Announced this week, Scotland’s doctors and dentists are to be given a 2.5% pay rise.
Responding to the Scottish Government’s announcement of a pay award BMA Scotland Chair Lewis Morrison said:
“This announcement must be viewed in the context that doctors have endured years of real terms cuts to their pay in Scotland, with year after year of unacceptable pay awards seriously eroding morale. This has come at the same time as the job itself has got harder and more demanding, as doctors deal with excessive workloads due to spiralling demand and covering for growing and often underreported vacancies.
“Today’s announcement is hopefully a first step in addressing the lasting impact this has had. For example, last year many senior doctors were singled out for an uplift which was amongst the lowest in the public sector. As a result, we made it clear that the absolute least Scottish Government had to do this year was address this and implement the recommendations of the pay review body in full for all doctors – including for these senior doctors.
“The fact that the Scottish Government have listened to the BMA and this year broken with public sector pay policy and met the DDRB’s general pay uplift recommendation of 2.5% for all doctors demonstrates greater and encouraging recognition of their huge contribution to frontline care. We lobbied hard for this step and we don’t underestimate its significance within tight public sector spending constraints. It does provide some indication that we may be taking the first steps on the long path to restoring trust and morale.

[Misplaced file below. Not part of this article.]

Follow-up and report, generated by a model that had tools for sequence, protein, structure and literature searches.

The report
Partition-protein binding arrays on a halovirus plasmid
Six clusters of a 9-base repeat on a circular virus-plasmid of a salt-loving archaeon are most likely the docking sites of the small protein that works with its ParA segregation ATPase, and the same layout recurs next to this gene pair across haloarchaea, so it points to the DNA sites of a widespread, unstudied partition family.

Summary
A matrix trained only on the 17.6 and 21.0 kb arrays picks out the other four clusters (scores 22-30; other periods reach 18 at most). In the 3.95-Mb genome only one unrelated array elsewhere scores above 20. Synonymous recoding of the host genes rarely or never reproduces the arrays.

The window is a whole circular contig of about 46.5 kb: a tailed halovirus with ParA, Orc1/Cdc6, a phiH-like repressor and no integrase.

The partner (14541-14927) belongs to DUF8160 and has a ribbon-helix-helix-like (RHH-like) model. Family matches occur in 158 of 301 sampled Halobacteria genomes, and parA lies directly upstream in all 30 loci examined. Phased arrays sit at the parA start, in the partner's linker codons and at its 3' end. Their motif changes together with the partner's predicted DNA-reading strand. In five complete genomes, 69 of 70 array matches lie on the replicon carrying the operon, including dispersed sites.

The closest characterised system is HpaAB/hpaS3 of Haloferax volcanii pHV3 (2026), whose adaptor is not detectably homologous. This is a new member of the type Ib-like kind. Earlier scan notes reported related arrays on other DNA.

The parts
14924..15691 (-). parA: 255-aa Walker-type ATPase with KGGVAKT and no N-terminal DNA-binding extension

“However, by failing to listen to the DDRB’s call for an additional 1% for SAS doctors and uplifts for consultant discretionary points and distinction awards, the Scottish Government are giving a message that there is still some way to go to fully value doctors – or the challenging working conditions they face. Hence our acknowledgement of the value of the general pay award is tempered somewhat by the failure to properly reward the achievement, commitment and excellence that the Scottish Government say they strive for from the NHS.
“So we regard a 2.5% uplift as just a reasonable start and certainly not a cause for celebration. It is only just higher than the CPI measure of inflation, and measured against RPI – which is currently at 2.8% – it remains a real terms pay cut.
“When added to current unfair and punitive pensions tax rules imposed by the UK Government and the Scottish Government’s higher rate of income tax, many doctors won’t see any take home pay rise at all. On that basis it won’t make major inroads into improving the morale of the profession as a whole. To do that, we must have a concerted long term action plan to make becoming and remaining a doctor in Scotland an attractive career choice once again. It’s not just about pay, and needs action on all areas of recruitment and retention. But at its heart, doctors, and aspiring doctors, need to feel truly valued and that includes a genuine reversal of many years of pay erosion.”